4 Digital Marketing Blunders to Avoid
When it comes to running a business, making mistakes is inevitable.
This can be a bit unnerving to consider, especially since, according to Bloomberg, 80% of businesses fail within the first 18 months.
What differentiates a business that fails from a business that succeeds is whether or not the business can learn from mistakes.
Learning from your own mistakes is important, but it’s also key to learn about common faux pas in your industry.
In fact, a famous Zen proverb states, “It takes a wise man to learn from his mistakes, but an even wiser man to learn from others.”
Here are four common digital marketing blunders you should avoid if you want to be a successful online business.
#1: Not Staying Up-to-Date on Google’s SEO Rules.
The factors that affect Google’s SEO rankings change every now and then.
Therefore, it’s important to stay up-to-date on the newest rules from the search engine giant.
For example, in 2011 Google came out with a new filter for their algorithm known as Panda. Panda penalized web pages that were content thin, using a list of 23 specific criteria.
Certain companies experienced a drop in their search rankings because they didn’t actively remain educated and aware of these changes and didn’t update their sites and content accordingly.
For example, clothing retailer Spoiled Brat saw their traffic decline by 50% in the years after Panda was released.
A significant drop like this can do real damage to a business that’s dependent on consistent web traffic.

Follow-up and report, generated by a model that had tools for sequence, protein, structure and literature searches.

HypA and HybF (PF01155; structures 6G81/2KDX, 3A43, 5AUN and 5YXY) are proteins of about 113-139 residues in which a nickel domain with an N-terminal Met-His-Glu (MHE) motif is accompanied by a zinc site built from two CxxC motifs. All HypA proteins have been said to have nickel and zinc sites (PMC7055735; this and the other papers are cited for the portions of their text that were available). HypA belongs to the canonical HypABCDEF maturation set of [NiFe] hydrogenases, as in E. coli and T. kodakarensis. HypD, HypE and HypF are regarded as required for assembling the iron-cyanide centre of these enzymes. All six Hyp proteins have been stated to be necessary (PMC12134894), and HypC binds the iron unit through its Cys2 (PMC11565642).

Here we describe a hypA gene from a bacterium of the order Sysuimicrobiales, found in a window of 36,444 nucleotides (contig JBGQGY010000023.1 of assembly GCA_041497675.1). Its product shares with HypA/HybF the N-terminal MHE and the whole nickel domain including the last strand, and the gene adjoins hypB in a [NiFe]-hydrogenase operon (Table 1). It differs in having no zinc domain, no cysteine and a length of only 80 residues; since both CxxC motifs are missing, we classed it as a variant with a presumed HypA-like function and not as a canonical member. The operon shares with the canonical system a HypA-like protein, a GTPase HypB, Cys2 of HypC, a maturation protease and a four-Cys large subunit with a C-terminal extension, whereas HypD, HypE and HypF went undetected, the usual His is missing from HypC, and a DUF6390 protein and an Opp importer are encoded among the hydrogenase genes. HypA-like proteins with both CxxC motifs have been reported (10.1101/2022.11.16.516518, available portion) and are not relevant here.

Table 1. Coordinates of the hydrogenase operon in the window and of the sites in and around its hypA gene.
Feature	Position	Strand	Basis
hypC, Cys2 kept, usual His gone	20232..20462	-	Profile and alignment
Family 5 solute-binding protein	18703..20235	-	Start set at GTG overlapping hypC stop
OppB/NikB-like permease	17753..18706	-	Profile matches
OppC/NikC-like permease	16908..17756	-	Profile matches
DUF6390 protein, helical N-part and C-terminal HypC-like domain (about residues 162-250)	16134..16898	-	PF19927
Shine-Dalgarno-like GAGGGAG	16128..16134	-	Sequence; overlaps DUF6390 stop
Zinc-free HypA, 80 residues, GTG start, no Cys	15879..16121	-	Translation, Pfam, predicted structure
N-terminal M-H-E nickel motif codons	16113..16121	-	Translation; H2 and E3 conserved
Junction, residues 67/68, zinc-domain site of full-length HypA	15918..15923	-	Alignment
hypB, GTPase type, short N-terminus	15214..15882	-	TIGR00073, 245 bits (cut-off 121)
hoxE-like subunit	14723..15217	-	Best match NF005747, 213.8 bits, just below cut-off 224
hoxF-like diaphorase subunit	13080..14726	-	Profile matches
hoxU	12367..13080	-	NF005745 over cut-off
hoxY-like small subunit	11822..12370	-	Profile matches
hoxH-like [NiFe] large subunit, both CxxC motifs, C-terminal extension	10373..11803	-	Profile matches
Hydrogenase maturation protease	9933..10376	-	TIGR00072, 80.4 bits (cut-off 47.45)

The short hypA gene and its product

In addition to having a lack of content and duplicate content, Spoiled Brat also had a category menu that created over 85,000 unique pages connected to a 6,000-product store.
This wasn’t conducive to Panda’s requirements because Google had to read an extraordinarily large amount of thin and duplicate content for the site.
How did Spoiled Brat solve this without having to do away with their shopper-friendly menu?
Aside from the main categories and subcategory pages, they added a tag (noindex,follow) to almost all the different category pages.
This told Google SEO bots to ignore pages with this tag, so when they re-crawled the site, they found a lot less pages and therefore didn’t penalize Spoiled Brat.
If you notice that your business’ site rankings and traffic have dropped recently, you could benefit from studying up on Google’s ever-shifting requirements.
#2: Having an Ambiguous Call-to-Action.
You may have a stellar product or service…
Or simple and clean landing page….
Or prices that can’t be beat…
…But unless you have a clear and enticing call-to-action, you’ll never manage to take prospects from point A to point B.
In the example below, you can see the body of an email to subscribers of online liquor retailer The Whiskey Exchange.
The email promotes two products, but doesn’t include a CTA that invites or encourages the subscriber to take action and buy, or learn more about the products.
Sure, it’s likely the image itself is linked to the product page, but that’s not exactly obvious in the mind of the subscriber.
Additionally, design elements of your CTA button can impact your conversion rate.